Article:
Novel albumin binder for improving the targeting efficacy of diagnostic or therapeutic reagents

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Albumin binders have been developed to improve tumor uptake of therapeutic radioisotopes (radiopeptides) by prolonging radiopeptide blood circulation.  However, use of these albumin binders also results in an increased uptake of radiopeptide in healthy organs, negating the benefits of the treatment.  Researchers at Oregon Health & Science University have developed a new class of albumin binder that significantly increases tumor uptake without negatively impacting non-tumor organs, thereby allowing for an improved therapeutic index.

Technology Overview

Radiopeptide therapy is an important treatment modality for cancer, particularly in metastatic and highly disseminated disease where surgery or conventional radiation therapy may no longer be possible.  It involves the use of a targeting agent (for example, an antibody, peptide, or small molecule) labeled with a therapeutic radioisotope to deliver a cytotoxic dose of radiation to the targeted cancer cells.  However, despite the initial promise of radiopeptide therapy, low tumor uptake and fast tumor clearance resulted in an insufficient radiation dose on tumor, tempering enthusiasm for this therapeutic modality.  Over the past decade, a number of small molecule albumin binders have been developed to improve tumor uptake of radiopeptides by prolonging their bioavailability in the blood.  Among them, 4-(p-iodophenyl) butyric acid (ABI) and Evans Blue (EB) are the two most studied albumin binders.  Although high tumor uptake was observed with ABI and EB conjugated radiopeptides, their use also led to increased uptake in healthy organs (such as blood, red bone marrow, kidneys), resulting in a reduced radiotherapeutic index (tumor radiation dose/non-tumor radiation dose).

In order to improve tumor uptake and also enhance tumor/non-tumor ratios, OHSU researchers invented a novel reversible small-molecule albumin binder, which exhibits comparable tumor uptake and greatly enhanced tumor/non-tumor uptake ratio, compared to ABI.  Moreover, the novel albumin binder-radiopeptide exhibited an 8-fold higher uptake in pancreatic tumors in the KPC mouse tumor model, compared to normal tissue in a healthy wildtype mouse, while the non-tumor uptake in both the diseased and control mice was similar (Fig. 1).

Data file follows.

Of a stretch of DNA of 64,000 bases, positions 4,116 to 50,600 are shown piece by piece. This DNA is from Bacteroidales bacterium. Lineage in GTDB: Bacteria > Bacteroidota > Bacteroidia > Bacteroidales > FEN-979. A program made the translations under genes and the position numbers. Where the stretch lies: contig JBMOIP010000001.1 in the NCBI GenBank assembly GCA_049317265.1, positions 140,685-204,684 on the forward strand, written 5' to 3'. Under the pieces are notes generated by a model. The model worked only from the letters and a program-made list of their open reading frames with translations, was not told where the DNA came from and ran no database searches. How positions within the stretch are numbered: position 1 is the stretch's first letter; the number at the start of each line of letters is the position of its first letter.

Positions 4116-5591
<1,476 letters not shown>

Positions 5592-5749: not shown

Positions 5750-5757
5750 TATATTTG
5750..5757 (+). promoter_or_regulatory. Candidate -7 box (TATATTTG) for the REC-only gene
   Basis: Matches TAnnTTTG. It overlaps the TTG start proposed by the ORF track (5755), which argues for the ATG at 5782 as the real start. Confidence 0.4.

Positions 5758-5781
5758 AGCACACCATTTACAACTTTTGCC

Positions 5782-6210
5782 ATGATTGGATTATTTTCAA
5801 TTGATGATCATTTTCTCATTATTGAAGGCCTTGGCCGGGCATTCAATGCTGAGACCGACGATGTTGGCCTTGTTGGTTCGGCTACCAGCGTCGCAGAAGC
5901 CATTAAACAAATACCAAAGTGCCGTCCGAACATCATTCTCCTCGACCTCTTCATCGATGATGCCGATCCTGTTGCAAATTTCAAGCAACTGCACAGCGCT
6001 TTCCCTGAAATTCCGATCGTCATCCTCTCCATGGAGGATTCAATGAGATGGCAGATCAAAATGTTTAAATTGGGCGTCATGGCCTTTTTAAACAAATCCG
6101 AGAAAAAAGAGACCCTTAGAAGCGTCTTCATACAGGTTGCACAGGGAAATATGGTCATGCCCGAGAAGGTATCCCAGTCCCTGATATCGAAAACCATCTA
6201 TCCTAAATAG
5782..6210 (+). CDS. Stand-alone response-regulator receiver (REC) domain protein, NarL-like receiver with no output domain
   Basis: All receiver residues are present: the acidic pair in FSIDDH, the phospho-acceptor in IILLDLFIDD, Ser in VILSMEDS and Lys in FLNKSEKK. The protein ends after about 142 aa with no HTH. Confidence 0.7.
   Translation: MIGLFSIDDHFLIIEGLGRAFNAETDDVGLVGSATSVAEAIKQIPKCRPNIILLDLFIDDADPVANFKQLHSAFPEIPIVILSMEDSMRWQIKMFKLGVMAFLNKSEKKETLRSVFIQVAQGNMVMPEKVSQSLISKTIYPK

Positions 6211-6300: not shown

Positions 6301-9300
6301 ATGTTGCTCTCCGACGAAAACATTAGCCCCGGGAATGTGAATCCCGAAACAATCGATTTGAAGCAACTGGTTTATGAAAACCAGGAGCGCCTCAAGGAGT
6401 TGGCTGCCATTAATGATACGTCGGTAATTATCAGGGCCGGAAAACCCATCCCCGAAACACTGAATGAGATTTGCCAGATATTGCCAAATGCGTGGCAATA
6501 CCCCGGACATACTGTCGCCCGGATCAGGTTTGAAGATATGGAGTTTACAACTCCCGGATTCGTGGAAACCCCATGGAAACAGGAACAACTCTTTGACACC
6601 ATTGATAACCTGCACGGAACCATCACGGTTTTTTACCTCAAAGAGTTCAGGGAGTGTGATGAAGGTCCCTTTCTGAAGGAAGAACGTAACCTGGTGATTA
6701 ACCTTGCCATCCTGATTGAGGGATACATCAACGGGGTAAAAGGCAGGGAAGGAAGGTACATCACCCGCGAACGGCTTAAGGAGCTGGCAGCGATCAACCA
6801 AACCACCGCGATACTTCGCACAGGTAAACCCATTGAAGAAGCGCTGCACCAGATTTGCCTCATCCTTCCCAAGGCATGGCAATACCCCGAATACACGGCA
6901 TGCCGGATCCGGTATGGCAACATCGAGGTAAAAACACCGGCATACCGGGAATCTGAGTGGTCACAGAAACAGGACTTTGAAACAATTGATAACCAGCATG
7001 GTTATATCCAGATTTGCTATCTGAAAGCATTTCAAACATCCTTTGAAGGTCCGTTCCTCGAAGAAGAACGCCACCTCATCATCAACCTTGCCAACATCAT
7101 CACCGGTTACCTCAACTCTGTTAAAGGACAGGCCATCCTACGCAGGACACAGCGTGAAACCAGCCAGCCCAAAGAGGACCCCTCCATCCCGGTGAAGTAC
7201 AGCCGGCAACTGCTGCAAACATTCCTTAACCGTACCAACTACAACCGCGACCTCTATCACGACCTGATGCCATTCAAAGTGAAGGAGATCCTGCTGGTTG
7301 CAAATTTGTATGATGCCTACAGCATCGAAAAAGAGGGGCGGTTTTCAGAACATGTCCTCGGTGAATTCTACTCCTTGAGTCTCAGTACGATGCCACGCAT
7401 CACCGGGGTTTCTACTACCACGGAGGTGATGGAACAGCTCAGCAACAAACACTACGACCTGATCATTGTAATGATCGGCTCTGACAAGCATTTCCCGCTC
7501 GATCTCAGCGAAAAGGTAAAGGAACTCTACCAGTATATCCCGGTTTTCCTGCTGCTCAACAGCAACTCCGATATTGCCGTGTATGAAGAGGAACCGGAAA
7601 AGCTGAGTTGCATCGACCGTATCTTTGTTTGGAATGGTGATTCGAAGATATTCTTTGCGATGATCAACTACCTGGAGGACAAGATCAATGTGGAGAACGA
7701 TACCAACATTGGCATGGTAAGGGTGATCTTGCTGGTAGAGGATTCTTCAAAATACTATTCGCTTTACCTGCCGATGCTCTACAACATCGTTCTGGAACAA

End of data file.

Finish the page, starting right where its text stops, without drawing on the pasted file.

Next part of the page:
Figure 1. Evaluation of albumin binder-radiopeptide: A) PET/CT images; and b) post-imaging ex vivo biodistribution.

OHSU’s improved albumin binder will greatly benefit cancer patients by enhancing the radiopeptide therapeutic index and reducing the radiation dose needed to kill tumor cells. This albumin binder is a versatile platform technology, as it can be incorporated into a variety of peptide/small molecule-based radioligands to improve their tumor uptake and tumor/non-tumor ratios in therapeutic and diagnostic applications.

Licensing Opportunity

This technology is available for exclusive licensing and/or collaborative co-development. 



Patent Information:
For Information, Contact:
Anne Carlson
Assoc Dir, Tech Dev & Licensing
Oregon Health & Science University
Dexing Zeng
Lingyi Sun
Zhonghan Li
Diagnostics - Cancer
Therapeutics - Cancer
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